A practice management system should support modern work practices and align with a firm’s growth trajectory
Law firms have been urged to up the ante on their practice management systems by consultancy firm Harriss Wagner.
“Investing hours in the administration of client relationships rather than investing time in developing client relationships may provide some form of satisfaction; however, it offers little to your firm when it comes to bottom-line profitability,” managing partner Robert Wagner said in a blog post on the company’s website.
Many firms are accepting flexible work arrangements as a part of their long-term strategy, which must in turn be supported and complemented by their practice management systems. The incorporation of modern tech into firms’ systems could be a factor in retaining young lawyers, who expect to utilise tech in simplifying other tasks so that they can concentrate on legal work.
In particular, the implementation of strong, agile practice management systems has become increasingly important with the onset of the COVID-19 pandemic. Before the pandemic, law firms generally took a strictly brick-and-mortar approach to operations, but the sudden transition to working from home saw many firms scrambling to overhaul systems, introduce additional online IT support and tighten cyber-security measures.
Wagner said that firms requiring significant administrative effort to generate bills or glean simple matter information for the purpose of making business decisions need to “take a closer look at the root cause.”
According to Wagner, a strong system achieves the following:
- supports modern work practices such as digitised workflow, automation and mobility
- operates on a robust platform
- includes adequate security protocols that mitigate cyber threats and the like
- scales and aligns with the firm’s growth trajectory
- accommodates the growing expectations of millennial lawyers and client demands for quick matter-related information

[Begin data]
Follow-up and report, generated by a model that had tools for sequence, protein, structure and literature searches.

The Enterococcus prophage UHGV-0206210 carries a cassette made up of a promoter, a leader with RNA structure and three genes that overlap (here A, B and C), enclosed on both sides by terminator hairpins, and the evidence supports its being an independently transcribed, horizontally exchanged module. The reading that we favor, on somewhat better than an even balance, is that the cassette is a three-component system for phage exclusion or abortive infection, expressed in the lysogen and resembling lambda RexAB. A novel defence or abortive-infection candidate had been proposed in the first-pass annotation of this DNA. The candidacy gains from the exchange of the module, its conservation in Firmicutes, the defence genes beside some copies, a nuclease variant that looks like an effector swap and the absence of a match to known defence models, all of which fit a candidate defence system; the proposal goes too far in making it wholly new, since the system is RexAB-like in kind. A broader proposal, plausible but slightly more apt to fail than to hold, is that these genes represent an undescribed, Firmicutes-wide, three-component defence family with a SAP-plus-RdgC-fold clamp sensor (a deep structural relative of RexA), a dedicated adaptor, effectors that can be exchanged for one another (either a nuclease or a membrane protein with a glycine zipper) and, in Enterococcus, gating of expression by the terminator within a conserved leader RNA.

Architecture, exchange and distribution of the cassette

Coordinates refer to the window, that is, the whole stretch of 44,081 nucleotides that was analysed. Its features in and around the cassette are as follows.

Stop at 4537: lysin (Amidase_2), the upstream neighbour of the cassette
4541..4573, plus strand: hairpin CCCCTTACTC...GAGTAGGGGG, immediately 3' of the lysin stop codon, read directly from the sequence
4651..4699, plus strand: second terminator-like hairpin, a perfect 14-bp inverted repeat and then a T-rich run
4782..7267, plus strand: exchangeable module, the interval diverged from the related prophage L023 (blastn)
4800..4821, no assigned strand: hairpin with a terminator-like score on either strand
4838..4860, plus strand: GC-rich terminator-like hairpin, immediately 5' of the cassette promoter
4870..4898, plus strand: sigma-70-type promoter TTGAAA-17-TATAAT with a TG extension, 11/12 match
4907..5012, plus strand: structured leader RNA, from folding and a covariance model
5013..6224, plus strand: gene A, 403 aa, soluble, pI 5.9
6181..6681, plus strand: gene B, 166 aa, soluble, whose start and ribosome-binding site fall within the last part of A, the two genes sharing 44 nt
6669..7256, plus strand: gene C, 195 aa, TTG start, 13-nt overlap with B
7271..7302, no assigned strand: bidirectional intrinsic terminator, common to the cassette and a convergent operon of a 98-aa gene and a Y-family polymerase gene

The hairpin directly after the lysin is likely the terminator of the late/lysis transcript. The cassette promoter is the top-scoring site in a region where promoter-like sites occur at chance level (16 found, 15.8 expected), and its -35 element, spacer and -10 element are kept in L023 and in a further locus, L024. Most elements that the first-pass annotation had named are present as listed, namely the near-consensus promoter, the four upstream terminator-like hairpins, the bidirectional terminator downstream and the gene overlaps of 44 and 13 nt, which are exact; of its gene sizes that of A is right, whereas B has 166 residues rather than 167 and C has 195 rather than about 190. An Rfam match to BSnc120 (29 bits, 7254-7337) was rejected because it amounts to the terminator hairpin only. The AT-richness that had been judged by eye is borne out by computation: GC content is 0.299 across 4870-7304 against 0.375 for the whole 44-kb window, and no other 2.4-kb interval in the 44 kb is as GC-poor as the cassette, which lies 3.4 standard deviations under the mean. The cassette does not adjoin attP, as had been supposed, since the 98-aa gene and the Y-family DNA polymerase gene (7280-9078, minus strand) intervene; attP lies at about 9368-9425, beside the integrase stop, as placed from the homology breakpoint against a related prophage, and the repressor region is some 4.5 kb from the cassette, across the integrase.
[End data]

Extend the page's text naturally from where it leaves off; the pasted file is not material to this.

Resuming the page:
While a robust practice management system looks different firm-to-firm, he said that a common shortfall is the failure to consider system optimisation during the implementation phase.
“Too often we hear ‘we just wanted to get it working with our current practices and then we would fix it once we are up and running.’ The oversight being, there is often no budget for post-implementation fixes, project fatigue sets in and there is little motivation to continue,” Wagner said. “In some cases, changes cannot easily be made retrospectively without the right know-how and another extensive budget. Poor data integrity issues, inaccurate reporting and limited system integration opportunities are known issues. Subsequently, the system carries unwanted legacies throughout its life cycle with its true capabilities buried beneath the surface waiting to be unleashed. And, unfortunately, return on investment expectations become a myth.”
Although some firms may need to overhaul their entire practice management system, others may get away with introducing some “smart updates” for a fraction of the cost, Wagner said.
One firm ahead of the game in its practice management is HFW, which launched a global resource management system in April 2020. The system allows the firm to efficiently delegate client matters to lawyers firm-wide, allowing it to make best use of its international network.
“The art of extracting more value from your practice management system is to see what you are not easily obtaining from your system and doing something about it,” Wagner said.